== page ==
A pilot hole is drilled through the existing brick wall and any air gap into the backup material. Then the helical tie is placed in an installation tool and driven into the pre-drilled hole. As it is driven, the fins of the helical tie tap into both the masonry and backup material and provide an expansion-free connection that will withstand tension and compression loads. Some helical wall ties, like the Heli-Tie, use an installation tool that countersinks the tie below the surface of the brickwork. This allows the hole to be patched and concealed with a color matching material.  Thereby, helical anchors allow the repair to be both efficient and inconspicuous when completed.

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There are presently no specific U.S. design standards for the use and qualification of helical wall ties. However, a rational calculation of required spacing given the demand load can be easily calculated using ACI 530 (Building Code Requirement and Specifications for Masonry Structures), Section 6.2, and test data with an appropriate factor of safety. In addition, many Designers also follow the detailing practice for prescriptive anchored veneer in Section 6.2.2.5.6 that prescribes the following:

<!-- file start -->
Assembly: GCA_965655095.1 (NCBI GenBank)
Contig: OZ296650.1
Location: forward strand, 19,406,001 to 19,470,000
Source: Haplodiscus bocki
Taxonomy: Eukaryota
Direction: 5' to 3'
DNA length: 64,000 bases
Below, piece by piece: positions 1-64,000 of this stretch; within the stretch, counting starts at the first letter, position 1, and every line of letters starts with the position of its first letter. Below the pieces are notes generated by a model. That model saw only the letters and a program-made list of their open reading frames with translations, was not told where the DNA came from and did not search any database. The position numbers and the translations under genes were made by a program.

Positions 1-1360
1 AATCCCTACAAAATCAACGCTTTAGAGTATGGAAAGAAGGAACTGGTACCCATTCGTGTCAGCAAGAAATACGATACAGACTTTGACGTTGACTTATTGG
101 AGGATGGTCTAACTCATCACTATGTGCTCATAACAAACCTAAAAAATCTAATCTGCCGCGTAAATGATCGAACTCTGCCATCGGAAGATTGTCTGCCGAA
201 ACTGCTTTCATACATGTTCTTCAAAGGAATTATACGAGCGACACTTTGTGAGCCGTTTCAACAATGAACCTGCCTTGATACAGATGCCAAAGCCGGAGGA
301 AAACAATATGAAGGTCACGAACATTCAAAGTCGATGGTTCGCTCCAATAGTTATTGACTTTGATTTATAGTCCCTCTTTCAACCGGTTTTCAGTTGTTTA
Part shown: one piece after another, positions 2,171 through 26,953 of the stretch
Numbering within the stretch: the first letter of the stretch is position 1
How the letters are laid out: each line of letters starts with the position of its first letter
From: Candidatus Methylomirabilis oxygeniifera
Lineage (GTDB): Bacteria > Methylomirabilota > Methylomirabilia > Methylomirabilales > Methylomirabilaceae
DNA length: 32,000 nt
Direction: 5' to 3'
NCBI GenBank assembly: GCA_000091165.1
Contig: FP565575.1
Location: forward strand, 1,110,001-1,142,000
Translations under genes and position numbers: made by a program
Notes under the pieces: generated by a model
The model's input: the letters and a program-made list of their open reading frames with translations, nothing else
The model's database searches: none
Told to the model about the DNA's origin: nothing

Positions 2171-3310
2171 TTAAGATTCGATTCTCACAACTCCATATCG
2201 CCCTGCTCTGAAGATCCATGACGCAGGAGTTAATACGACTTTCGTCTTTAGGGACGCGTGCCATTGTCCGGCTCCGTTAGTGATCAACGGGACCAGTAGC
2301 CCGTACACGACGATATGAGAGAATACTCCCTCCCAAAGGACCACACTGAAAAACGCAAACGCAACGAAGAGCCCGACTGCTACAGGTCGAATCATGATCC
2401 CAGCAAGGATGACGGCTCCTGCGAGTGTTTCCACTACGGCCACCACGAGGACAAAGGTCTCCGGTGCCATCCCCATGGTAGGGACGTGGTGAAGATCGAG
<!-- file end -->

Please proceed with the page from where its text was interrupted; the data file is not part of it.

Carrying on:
1. At least one anchor for each 3.5 ft2 of wall area, and
  2. A maximum anchor spacing of 32″ horizontal and 25″ vertical, and
  3. Around openings larger than 16″ in either dimension: Additional perimeter anchors at maximum 36″ spacing within 12″ of the opening.

Prescriptive anchors also require bed joints to be at least twice the thickness of the embedded anchor. However, this provision is not relevant for helical anchors since they are installed into a drilled hole, rather than embedded into a wet mortar joint.

Application #2: Stabilizing multiple-wythe brick walls

In this application, the wall tie is used to attach wythes of brick to one another in an effort to stabilize the wall. By intermittently alternating installation angles (0 o, 45 o, 0o, -45 o, etc.) the tie promotes more monolithic behavior of the wall.

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What are common helical stitching tie applications?

Unlike wall anchor applications, in a stitching tie application the helical tie is used to stabilize brickwork by transferring in- and out-of-plane shear and bending forces across an existing crack. Stitching ties are placed in the plane of the wall within the horizontal bed joint.